Price: £309 | Buy now from Amazon

Multipurpose is the name of the game with the Evolution RAGE5. Despite its heft, it’s easily portable around the workshop or job site with a collapsible frame on wheels that looks a little like a sack barrow when folded. But best of all is its large Japanese tungsten-carbide-tipped blade, which will cut ferrous and non-ferrous metal, plus plastic and wood, even with embedded nails – yet despite its rugged nature, it’s equally suited to cutting thinner workpieces.

It will cut bevels at up to 45 degrees, at which angle it will work to an impressive 58mm. At 90 degrees its cut depth is 83mm and can be adjusted through 80mm; happily, the 1.8mm-thick riving knife adjusts up and down as well, to reduce the chances of kickback. And with a 605mm rip capacity to the right of the blade and 305mm to the left, it’s capable of cutting down some pretty large sheets.

Key specs – Weight: 28.5kg; Power: 1,500W; Cutting depth: 83mm (90˚); Blade speed: 2,500rpm; Tilt angle: 45˚; Blade diameter: 22.5cm; Accessories included: Dust extraction hose, riving knife, adjustable rip fence, push stick, blade changing spanners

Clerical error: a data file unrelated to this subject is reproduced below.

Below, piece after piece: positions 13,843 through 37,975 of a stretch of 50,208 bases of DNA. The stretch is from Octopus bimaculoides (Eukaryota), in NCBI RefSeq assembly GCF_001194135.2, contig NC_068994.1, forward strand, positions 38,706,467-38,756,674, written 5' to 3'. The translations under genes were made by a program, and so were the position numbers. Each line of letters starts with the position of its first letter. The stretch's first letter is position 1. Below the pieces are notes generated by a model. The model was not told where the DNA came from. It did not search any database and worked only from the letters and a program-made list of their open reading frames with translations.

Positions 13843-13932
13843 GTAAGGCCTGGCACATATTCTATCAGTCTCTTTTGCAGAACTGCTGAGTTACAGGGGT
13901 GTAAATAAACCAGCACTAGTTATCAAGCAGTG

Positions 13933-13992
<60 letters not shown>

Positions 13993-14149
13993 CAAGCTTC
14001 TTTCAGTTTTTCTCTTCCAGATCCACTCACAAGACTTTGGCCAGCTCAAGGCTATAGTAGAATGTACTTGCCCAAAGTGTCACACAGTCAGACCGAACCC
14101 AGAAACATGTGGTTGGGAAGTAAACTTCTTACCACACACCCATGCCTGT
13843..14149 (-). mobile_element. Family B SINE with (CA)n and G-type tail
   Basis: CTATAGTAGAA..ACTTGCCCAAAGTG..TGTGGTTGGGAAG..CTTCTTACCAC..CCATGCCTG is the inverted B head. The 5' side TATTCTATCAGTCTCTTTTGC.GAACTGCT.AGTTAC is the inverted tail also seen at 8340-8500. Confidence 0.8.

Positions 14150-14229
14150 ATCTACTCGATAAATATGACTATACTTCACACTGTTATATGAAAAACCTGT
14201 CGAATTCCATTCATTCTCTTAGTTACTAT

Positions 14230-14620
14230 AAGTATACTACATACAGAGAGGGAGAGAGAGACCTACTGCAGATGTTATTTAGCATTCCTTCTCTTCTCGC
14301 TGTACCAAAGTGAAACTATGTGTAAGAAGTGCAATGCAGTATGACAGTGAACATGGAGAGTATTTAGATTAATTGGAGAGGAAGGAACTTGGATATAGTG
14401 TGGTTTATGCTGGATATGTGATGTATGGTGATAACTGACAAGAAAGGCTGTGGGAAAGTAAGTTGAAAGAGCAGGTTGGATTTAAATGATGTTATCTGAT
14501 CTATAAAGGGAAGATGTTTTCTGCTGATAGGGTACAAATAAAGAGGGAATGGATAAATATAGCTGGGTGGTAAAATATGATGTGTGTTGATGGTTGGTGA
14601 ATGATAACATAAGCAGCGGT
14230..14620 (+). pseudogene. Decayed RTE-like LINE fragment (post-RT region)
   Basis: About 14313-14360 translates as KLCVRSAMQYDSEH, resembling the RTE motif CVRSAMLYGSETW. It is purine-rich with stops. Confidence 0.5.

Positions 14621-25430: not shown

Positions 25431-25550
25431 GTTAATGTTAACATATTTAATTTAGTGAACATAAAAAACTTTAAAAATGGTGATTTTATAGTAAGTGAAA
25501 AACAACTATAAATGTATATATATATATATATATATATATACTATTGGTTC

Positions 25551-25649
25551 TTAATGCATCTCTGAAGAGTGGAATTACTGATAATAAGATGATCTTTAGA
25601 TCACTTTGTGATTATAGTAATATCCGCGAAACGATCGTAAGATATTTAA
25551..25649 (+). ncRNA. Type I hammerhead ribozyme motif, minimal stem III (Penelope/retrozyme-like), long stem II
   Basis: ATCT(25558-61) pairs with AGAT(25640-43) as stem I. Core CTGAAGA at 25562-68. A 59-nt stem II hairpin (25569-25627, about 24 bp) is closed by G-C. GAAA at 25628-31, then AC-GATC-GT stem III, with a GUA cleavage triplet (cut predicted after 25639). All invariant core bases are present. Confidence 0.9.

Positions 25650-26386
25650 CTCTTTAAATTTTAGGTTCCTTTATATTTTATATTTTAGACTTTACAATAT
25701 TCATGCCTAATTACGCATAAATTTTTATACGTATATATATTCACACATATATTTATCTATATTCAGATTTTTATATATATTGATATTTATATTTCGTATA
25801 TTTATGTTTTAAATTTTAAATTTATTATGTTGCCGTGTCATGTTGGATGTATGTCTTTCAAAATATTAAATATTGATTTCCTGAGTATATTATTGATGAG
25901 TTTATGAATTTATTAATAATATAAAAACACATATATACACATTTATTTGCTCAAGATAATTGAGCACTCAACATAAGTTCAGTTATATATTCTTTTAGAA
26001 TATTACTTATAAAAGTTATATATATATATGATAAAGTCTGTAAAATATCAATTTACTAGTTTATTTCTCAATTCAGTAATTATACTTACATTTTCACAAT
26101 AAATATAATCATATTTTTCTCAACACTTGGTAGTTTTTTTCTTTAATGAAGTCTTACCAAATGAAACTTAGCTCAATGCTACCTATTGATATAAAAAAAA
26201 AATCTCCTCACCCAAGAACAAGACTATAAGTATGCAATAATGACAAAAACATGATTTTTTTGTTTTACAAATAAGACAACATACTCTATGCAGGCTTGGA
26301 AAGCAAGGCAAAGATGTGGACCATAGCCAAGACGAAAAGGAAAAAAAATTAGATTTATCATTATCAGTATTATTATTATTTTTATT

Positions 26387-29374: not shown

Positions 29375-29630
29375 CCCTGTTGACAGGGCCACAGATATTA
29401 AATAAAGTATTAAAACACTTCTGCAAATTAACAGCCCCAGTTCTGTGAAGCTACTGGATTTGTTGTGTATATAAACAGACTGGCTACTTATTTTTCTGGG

3. Makita MLT100/2 240V 260mm Table Saw: Best high-power table saw

Price: £500 | Buy now from Amazon

There’s a reason that so many professionals use Makita tools: they’re well-specced and feel pretty much unstoppable. That alone justifies the MLT100/2’s not insignificant price. But a 91mm cutting depth at 90 degrees and 63mm at 45 degrees, a mighty 4,300rpm non-load speed and an electric brake that cuts down the time taken for the blade to stop all combine to form an impressive package.

Unlike the other saws, which can be moved around easily, the heavyweight Makita needs to be bolted down to a workbench, meaning you’ll need space around it to cut larger workpieces. Assuming you have the room, the Makita will provide accurate cuts time and time again. The bevel angle operates easily, but there’s a solid locking function, and there are large extension tables left, right and rear. Best of all, though, is the feeling of solidity; the Makita feels as though it could last forever.

Key specs – Weight: 34.1kg; Power: 1,500W; Cutting depth: 91mm (90˚); Blade speed: 4,300rpm; Tilt angle: 45˚; Blade diameter: 22.5cm; Accessories included: Triangular rule, rip fence, blade-changing wrench, push stick, mitre gauge